Wednesday, July 27, 2022


Andrew Goodwin, tenor

John Martin, piano

Wesley Music Centre, July 24


Reviewed by Len Power


The list of classic romantic songs by Fauré, Hahn, Poulenc, Schumann, Strauss, Mahler and Rachmaninov and piano works by Chopin was attractive enough to attend Art Song Canberra’s latest concert at the Wesley Music Centre.  The combination of tenor, Andrew Goodwin, and pianist, John Martin, made it an event to remember.

Sydney-born, Andrew Goodwin, became the first Australian to study classical singing at St Petersburg State Conservatory in Russia.  He has gone on to a busy international career singing at some of the world’s greatest opera houses and concert halls.  He is a passionate champion of art song.

 In a colourful career of great variety, pianist, John Martin, has worked with many stars of the Australian and international concert and theatre scenes.

John Martin, piano and Andrew Goodwin, tenor

The concert commenced with the song, “After a Dream”, by Gabriel Fauré.  Andrew Goodwin sang it with great tenderness.  The clarity and control of his voice was remarkable and he made this wide-ranging song sound effortless.  He followed with “At the Water’s Edge” by Reynaldo Hahn and, again, it was sung extremely well.  His singing of the final sustained high note was hauntingly beautiful.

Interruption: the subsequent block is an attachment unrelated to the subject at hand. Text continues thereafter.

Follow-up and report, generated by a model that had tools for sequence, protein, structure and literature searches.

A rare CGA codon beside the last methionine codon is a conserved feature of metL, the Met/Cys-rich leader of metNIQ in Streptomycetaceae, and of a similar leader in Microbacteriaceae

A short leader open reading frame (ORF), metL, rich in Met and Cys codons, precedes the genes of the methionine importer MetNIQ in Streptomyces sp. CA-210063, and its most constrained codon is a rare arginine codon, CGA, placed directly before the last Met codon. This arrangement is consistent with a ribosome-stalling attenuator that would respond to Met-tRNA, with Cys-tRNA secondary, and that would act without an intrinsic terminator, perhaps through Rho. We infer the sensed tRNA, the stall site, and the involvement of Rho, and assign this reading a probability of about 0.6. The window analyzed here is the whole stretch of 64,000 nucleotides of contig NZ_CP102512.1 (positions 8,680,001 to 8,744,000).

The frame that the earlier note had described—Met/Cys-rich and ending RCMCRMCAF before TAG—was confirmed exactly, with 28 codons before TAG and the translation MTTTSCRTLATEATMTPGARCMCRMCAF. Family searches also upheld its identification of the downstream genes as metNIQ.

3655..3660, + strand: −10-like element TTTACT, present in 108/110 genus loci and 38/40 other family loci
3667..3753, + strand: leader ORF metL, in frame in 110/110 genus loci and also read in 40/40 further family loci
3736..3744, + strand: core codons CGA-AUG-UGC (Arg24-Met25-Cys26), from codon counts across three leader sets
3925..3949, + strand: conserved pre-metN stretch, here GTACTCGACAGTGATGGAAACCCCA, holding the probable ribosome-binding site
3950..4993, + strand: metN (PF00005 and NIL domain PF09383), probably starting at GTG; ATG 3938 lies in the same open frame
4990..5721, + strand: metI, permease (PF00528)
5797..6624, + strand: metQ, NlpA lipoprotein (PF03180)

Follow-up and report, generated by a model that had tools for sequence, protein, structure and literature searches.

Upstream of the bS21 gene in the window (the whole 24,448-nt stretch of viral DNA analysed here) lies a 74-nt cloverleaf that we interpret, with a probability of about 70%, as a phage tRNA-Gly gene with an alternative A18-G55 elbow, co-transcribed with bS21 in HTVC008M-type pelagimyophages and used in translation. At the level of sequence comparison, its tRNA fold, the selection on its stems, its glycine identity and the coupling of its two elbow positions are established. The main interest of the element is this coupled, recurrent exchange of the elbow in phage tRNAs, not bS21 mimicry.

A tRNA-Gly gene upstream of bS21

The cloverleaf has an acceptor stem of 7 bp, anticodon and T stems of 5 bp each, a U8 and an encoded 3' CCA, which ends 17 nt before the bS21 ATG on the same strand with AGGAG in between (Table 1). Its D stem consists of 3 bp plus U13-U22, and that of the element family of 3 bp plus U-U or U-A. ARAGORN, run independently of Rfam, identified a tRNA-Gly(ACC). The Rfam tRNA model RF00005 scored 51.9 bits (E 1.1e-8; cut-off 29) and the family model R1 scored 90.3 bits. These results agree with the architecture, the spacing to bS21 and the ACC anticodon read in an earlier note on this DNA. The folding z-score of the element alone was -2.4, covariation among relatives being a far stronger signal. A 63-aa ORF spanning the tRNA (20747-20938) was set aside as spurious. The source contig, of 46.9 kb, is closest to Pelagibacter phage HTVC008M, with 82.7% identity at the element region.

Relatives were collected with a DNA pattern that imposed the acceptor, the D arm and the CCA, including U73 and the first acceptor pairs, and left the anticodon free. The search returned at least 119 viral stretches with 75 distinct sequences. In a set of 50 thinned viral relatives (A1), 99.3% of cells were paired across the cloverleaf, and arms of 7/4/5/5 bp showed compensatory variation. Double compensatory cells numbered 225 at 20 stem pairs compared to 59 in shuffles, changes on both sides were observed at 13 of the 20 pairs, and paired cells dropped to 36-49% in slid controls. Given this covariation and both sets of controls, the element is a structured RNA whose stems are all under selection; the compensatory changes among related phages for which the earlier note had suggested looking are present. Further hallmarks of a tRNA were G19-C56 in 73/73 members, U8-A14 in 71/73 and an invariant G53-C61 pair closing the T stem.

Andrew Goodwin

“To Chloris” by Reynaldo Hahn was next and it was striking how Goodwin could convey so much emotion through these songs with subtle vocal inflections.  He then showed his acting skills as well with an extroverted and colourful performance of ‘Paganini’ from Poulenc’s “Métamorphoses” song cycle.

Other highlights included “Morning!” by Richard Strauss, “Where the Splendid Trumpets Sound” by Gustav Mahler and “Lilacs” by Sergei Rachmaninov.

Every song was superbly accompanied by John Martin and the lively and humorous interaction of the two men between songs showed that their working relationship was an enjoyable one.

John Martin performed two solo works.  His playing of Chopin’s highly romantic Waltz in C# minor, Op. 64 No. 2 was sublime.  He followed it later in the concert with another work by Chopin, Impromptu No 1 in A flat, Op. 29.  Again, it was played superbly and with so much feeling.  The audience responded with enthusiastic applause.

This was a delightful concert of familiar and unfamiliar romantic classics by two highly skilful artists.


Photos: Peter Hislop

This review was first published in the Canberra CityNews digital edition of 25 July 2022.

Len Power's reviews are also broadcast on Artsound FM 92.7 in the ‘Arts Cafe’ and ‘Arts About’ programs and published in his blog 'Just Power Writing' at